> > Kirby, > > Your criticism is on point. I note, however, that you make your criticism in response to me. >
Not to worry ol' sparring partner buddy. I pick on you cuz you're obviously one of the lightning rods around here. You've risen to the level of "blog character" which I can't say for everyone, so you oughta feel honored, e.g.:
> Not long ago, John Threlkeld, in his only contribution to Math-Teach, made the same criticism about this forum, in the thread "Health care rationing, American-style" again in response to me. >
I haven't delved into that one as much. There's a big part of me that wants to stay out of domestic politics, even though I live in that same so-called America (Amer Rican rhymes with Puerto Rican, Amerish being some language other than English, per poet Gene Fowler (author of 'Waking the Poet')).
I'm paying a huge premium for a huge deductible, think I should be allowed to shop overseas for better plans, with the local system (e.g. Providence) getting reimbursed from say Sweden or Russia (if that's where I buy my care).
> I am sure it has happened several other times, although I will not bother to sift through the archives, when a correspondent complained about an off-topic thread in response to one of my memos. >
I was more making the sociological point that vast numbers are scuttling under the rocks of climate debate, a relatively comfortable scientific-sounding debate, a refuge from harder talks, more difficult walks, such as what about math teaching.
> Should I infer anything from this pattern? Some political point being made, perhaps? Nah! It's probably just a coincidence. You see, **I** NEVER initiate an off-topic thread. Furthermore, I do not understand why the moderator allows these blatantly off-topic, and blatantly political, threads. >
In the web archive, I'm seen replying to a top-most post with your name on it.
Climate models are not outside of math, one could argue, nor talk about high premiums. It's all math-related, math being all-pervasive. Coaching the opposing team, I'd suggest they point this out: there's simply no getting away from math, no matter which way you turn, so best to love it and even learn it a little (pretending there's an "it" - -- the plural "maths" is likely better).
> However, once one of these discussions is allowed, it is hard not to respond. You see, I do not want people whose political persuasions run counter to, or different from, that of the transgressors, to feel unwelcome in this forum. By responding to these unwelcome (certainly unwelcome by me) topics, I hope to make it evident that the political constituency of this forum is eclectic and catholic, and that everyone---everyone who wants to discuss math education---should feel safe in this cybernetic place. >
Back to my earlier point that the global warming debate certainly feels a lot safer to a lot of people than what's on the other political channels. This isn't nuclear submarines off the coast, some immanent invasion, some holocaust. And yet all of these are current realities, somewhere. That politicians from all around the world are willing two converge for like two whole weeks on this topic is proof positive that we've found some political soup to their liking. Yakking about the climate is going to be like chatting about the weather: pervasive and for all future time (however long that ends up being for little humans and their many tribes).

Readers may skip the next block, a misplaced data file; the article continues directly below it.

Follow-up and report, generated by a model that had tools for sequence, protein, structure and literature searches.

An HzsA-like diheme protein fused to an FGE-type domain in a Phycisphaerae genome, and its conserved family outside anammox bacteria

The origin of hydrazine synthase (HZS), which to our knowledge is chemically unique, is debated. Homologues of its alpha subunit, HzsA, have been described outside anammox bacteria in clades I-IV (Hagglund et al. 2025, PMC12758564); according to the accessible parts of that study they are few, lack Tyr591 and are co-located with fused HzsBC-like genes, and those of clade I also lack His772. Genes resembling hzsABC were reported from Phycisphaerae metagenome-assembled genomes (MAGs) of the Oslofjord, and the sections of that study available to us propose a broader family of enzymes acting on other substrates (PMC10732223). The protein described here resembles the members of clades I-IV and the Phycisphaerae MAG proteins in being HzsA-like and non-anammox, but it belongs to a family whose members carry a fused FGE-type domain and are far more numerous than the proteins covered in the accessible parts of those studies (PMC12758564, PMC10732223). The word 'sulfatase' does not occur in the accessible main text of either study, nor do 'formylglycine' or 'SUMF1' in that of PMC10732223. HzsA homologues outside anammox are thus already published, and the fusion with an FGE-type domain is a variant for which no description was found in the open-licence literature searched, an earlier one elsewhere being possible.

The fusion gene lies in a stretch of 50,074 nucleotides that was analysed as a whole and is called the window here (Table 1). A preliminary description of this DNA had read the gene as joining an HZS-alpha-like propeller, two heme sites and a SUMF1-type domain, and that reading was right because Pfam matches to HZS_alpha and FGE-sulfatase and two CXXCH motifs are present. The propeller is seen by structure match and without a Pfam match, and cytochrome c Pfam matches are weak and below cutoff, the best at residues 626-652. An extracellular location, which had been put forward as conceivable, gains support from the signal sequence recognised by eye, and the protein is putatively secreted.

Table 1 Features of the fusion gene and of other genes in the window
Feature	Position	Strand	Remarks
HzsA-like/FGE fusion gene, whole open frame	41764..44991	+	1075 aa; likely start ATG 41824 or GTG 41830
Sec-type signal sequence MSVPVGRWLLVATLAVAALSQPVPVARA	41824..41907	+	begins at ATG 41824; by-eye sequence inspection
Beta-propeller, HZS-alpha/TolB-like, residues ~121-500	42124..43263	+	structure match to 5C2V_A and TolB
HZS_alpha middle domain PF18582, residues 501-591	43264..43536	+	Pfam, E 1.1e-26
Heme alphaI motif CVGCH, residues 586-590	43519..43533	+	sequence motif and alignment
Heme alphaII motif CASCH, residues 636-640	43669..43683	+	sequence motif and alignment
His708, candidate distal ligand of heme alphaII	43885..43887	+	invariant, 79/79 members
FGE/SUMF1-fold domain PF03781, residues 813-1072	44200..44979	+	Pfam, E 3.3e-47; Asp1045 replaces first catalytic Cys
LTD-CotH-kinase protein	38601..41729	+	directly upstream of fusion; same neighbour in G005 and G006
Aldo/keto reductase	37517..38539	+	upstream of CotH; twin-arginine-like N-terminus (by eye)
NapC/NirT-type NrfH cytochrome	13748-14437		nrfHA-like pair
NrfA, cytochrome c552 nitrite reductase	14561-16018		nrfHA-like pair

> As for people who come with a political ax to grind, well, if we make it easy for them to grind their axes, it would only encourage them. I do not want to make it easy for them. >
Ax grinding tends to be easier than using said ax effectively, either as a tool or weapon. Sometimes one wishes an interlocutor had ground the ax more, as no work gets done in the field when the ax blade is not sharp, and/or the fire is unlit.
Math-teach seems to be a safe place to experiment with positions, and to abandon them sometimes. It's OK to make mistakes. Making mistakes, admitting them, applying a correction, is a great way to advance one's credibility in the eyes of one's peers.
It's a complete myth and fabrication that the Catholic Pope is infallible and we've had more than one pontiff apologize and/or express regret and remorse for past sins of the Church. Humans are simply fallible, even the most mathematically minded of same.
I've started using this word "andragogy" (not my invention) to distance myself from the "peda", not that I don't enjoy teaching children (I do) but I do think adults remain an important and relevant set of players on Spaceship Earth and deserve some attention as well. The techniques one brings to teaching other adults may differ, somewhat drastically at times, from those one brings to teaching minors.
So I guess I'd be curious to know if you think we have no more tricks to learn when it comes to the effective instruction and education of adults.